Last year for a few months I attended a young adult Bible study and worship time in which I sensed that most of us were passionately eager to serve God, to have a part in His work, but He hadn’t told us where to go.  He has been building faith in a young generation, like armies in waiting.  And we gathered to wait on Him, to encourage our readiness, and to seek God’s marching orders.  Some days I think there are so many causes, that I wonder why it’s difficult to find mine.  And then I remember that God has us waiting.  Until God speaks, I can wait. 

Karen Hancock’s allegory, Arena, is a vivid description of Christian living.  At one point all those “saved” are waiting, studying and training, in a well-provisioned safe haven.  They must wait for the exact moment at which God will give them a sign to move out and cross the enemy-infested lands to the portal to home.  If they leave too early or too late, they will run across lines and camps of enemies and be lost.  So they wait.  So we wait. 

But we believe God is at work.  Over Memorial Day Weekend I attended the New Attitude Conference in Louisville, KY.  Put on by Sovereign Grace and featuring Josh Harris, Eric Simmons, Mark Dever, Al Mohler, CJ Mahaney, and John Piper as speakers, the young adult conference attracted 3,000 soldiers in waiting.  I was surprised, though I shouldn’t have been, to find most of them as directionless as me.  Ok, most of them had college degree or career goals, but spiritually we weren’t sure where God wanted us.  Some of us, in the midst of waiting, felt like the fight to keep heads above water while treading was all we could do.  Maintaining a devotional and prayer life, passionately worshiping God and memorizing His Word were high orders. 

Then John Piper spoke on William Tyndale, who most certainly had a calling and was not about to waste his life.  He translated the whole New Testament and several Old Testament books into English for the first time.  And he wrote books and campaigned for the Bible to be printed in the common tongue and made available to the people – at the risk and cost of his own life.  The challenge went out and resonated with the three thousand in attendance. 

Why does it resonate?  Because God is at work, in the grassroots, you might say, reviving our faith in a big God.  Twenty-something Christians, though comparatively immature in our marriage and childbearing rates and economic productivity, are getting excited about the truth, about a God bigger than themselves.  Rejecting the shallow self-help and entertainment-driven church culture, they are reading up on Jonathan Edwards and getting excited about William Tyndale, singing theology-rich God-centered worship songs like Chris Tomlin’s How Great is Our God, or Isaac Watts’ hymns.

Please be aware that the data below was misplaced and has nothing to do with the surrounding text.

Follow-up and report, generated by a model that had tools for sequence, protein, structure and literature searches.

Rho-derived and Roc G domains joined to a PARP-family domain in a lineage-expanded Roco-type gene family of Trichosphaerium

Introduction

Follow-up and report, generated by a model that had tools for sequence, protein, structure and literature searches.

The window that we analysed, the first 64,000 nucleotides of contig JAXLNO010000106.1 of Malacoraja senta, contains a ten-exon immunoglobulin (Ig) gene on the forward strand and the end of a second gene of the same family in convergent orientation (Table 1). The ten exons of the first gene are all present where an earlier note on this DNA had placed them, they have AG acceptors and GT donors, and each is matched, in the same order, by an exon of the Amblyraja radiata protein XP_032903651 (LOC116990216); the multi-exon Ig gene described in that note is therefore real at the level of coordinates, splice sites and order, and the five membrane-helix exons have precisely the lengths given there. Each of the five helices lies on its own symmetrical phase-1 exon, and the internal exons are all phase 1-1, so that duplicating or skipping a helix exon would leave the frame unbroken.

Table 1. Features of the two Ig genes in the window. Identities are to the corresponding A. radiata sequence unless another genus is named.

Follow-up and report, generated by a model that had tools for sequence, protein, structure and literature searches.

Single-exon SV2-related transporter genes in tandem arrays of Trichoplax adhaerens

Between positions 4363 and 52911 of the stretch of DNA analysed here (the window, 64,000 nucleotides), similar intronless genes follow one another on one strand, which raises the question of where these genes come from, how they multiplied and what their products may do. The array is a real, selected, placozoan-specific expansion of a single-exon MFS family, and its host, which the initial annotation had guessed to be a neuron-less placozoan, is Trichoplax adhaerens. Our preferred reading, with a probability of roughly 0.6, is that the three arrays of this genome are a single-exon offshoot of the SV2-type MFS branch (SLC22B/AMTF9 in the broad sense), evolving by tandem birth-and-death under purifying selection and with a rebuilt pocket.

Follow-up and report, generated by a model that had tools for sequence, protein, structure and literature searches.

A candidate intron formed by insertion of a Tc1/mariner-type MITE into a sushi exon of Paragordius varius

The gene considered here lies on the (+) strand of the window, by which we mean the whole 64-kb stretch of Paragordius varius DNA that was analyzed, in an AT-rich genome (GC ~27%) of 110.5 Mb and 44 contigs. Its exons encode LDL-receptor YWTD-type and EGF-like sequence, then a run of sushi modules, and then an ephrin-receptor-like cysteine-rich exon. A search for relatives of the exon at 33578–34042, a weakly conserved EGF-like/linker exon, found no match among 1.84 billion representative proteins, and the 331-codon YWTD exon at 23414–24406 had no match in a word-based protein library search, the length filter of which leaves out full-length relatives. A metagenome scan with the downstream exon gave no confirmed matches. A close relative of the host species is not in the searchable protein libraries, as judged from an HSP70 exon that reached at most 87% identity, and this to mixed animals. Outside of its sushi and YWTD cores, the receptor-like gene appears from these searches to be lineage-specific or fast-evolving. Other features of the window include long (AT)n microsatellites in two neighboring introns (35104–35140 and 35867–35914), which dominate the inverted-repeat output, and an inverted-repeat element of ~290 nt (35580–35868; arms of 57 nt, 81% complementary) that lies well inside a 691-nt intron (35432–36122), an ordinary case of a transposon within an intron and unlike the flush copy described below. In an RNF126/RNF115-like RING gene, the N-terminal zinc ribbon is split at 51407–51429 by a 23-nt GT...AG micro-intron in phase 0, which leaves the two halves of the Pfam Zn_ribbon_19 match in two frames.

This is the subject of Young, Restless, and Reformed.  Collin Hansen took a tour of the country to find out about this multi-rooted movement of ‘young Calvinists.’  He did a great job of filling pages with information about theology, denominations, organizations, authors, and what’s so exciting to us about God’s sovereignty.  Grace, a consistent description of the world, a God worth worshiping – we have lots of answers, lots of paths that are bringing us to become part of the revival of Calvinism in the West.  Why is God doing this?  We wait to see. 

Not only are our discoveries and conversions to Calvinism different; the lifestyles and trappings in which we couch our belief in the sovereignty of God also run a spectrum, which Collin Hansen (a writer for Christianity Today) describes with excellence: from liturgical and traditional presbyterians to charismatic and modern Mark Driscoll and CJ Mahaney.  Then there’s the unusual mix of Baptists and Calvinism (which for the moment describes me, though I find myself pretty much in pieces of everything).  On of the most interesting parts of Young, Restless, and Reformed to me was the chapter on the Southern Baptist Theological Seminary, and Al Mohler’s Calvinist makeover of the college.  So that’s why my friends at Elect Exiles are Election-affirming and Baptist.  I’m from a church that, in my observation, has been more typical of 20th century S. Baptists: in between Calvinism and Arminianism and reluctant to debate the issue.  The tides are turning.  I’ll confess belief in a big, sovereign God was a prerequisite for me to vote for our current pastor. 

This is a book I will recommend to pretty much everyone.  The only disappointment I had was that the chapter on New Attitude, titled “Forget Reinvention,” didn’t say much about the conference.  If you want to know about that, the New Attitude website has plenty of info to get you hyped about next year.  I read the book in a few days, and told everyone I know about the book for the next several weeks.  Read it, talk about it, and be encouraged by all the others God is calling.  Keep waiting. 

To God be all glory,

Lisa of Longbourn